Explorations in Black Leadership

Co-Directed by Phyllis Leffler & Julian Bond

Career: Early Development

BOND: Now, you spoke last night and again today about seeing the university presidents, the college presidents -- and you talked last night about your mother's career exposing you to these lawyers, these really highfalutin lawyers in Atlanta. And I'm just -- it strikes me that your experiences are so different from the experiences of most black kids your age. If most black people in Atlanta ultimately worked for white people, most kids didn't see white people of that kind, of that status in life. I know it's not either historically correct to be counter-factual, but suppose your mother had operated a food store on the street, a cart or something, selling to working-class people, you would have had a different kind of exposure.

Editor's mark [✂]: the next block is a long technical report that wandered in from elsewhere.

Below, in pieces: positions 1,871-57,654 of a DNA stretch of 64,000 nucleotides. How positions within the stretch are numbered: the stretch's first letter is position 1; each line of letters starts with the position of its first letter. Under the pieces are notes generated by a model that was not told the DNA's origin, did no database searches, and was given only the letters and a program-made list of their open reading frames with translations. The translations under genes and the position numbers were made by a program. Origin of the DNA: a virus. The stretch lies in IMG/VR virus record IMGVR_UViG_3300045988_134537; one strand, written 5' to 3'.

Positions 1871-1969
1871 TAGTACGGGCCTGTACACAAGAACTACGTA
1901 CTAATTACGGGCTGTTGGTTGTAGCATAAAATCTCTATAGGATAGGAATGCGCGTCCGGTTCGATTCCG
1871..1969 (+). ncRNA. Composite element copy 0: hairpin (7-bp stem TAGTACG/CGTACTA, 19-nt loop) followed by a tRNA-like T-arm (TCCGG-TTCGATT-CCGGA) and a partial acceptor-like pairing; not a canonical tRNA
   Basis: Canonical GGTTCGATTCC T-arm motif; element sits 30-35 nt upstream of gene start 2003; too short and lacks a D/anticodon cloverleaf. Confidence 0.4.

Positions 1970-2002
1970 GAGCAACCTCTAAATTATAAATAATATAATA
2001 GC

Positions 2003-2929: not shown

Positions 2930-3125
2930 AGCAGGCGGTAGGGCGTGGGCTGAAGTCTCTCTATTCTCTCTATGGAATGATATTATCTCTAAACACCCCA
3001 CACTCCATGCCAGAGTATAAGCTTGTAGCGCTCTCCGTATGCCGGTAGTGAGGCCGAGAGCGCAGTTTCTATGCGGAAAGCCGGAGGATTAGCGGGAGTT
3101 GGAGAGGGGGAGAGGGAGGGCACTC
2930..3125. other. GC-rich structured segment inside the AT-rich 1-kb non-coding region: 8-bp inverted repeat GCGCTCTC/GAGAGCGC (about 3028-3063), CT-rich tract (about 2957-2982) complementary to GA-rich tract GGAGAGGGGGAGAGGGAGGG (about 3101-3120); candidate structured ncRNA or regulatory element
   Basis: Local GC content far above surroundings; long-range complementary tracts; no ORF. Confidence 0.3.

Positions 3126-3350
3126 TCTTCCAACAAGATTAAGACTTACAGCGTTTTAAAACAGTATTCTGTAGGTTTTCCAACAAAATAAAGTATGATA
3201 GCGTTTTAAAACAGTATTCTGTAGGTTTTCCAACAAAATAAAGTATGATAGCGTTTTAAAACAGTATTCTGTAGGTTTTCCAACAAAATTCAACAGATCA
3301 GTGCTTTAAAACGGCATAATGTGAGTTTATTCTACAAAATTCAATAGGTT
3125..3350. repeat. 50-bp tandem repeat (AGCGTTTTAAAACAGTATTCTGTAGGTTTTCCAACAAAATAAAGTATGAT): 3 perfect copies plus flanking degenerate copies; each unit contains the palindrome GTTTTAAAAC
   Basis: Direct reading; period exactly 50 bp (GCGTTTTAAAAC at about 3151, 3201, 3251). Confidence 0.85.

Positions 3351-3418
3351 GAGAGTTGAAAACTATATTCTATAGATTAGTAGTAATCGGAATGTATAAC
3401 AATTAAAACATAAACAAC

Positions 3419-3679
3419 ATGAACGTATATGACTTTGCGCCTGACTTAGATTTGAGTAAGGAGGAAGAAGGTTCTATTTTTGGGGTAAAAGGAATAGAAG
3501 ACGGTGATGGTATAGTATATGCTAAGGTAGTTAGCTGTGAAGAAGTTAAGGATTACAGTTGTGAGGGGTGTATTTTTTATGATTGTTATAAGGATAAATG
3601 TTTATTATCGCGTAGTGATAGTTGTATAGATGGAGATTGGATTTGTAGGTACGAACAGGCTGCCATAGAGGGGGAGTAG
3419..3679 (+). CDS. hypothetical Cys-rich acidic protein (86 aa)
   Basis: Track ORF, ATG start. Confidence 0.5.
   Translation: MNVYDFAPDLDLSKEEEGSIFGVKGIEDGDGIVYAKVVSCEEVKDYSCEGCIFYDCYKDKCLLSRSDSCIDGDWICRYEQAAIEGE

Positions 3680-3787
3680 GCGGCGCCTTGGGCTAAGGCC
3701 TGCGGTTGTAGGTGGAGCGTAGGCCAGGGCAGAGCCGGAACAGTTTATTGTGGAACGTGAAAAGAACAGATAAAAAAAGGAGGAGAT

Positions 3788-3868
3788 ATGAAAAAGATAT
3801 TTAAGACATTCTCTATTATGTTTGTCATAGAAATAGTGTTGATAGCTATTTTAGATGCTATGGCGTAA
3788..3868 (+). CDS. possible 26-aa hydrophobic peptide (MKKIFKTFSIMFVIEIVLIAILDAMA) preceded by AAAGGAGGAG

JORDAN: Maybe. I would have, but I think my aspiration would not have been any different.

BOND: Okay.

JORDAN: I think there was some advantage to working in her catering business to seeing how the other side really lived. But most black people have had that experience in one way or another because their parents worked, for the most part, in domestic situations.

BOND: Yes, but the children didn't see that.

JORDAN: They didn't see it as intimately as I saw it. But I think you can make a case that they know a little bit about it. Not too much now, but back then. But I was exposed to these great big mansions where I served canapes and was bartender. And I was exposed to the Lawyer's Club of Atlanta. So I got to see how you do things. And I must confess to you that that did have some appeal to me in much the same way that seeing Dr. [Benjamin] Mays and Dr. [Rufus Early] Clement on these campuses, because they represented something good and big and helpful.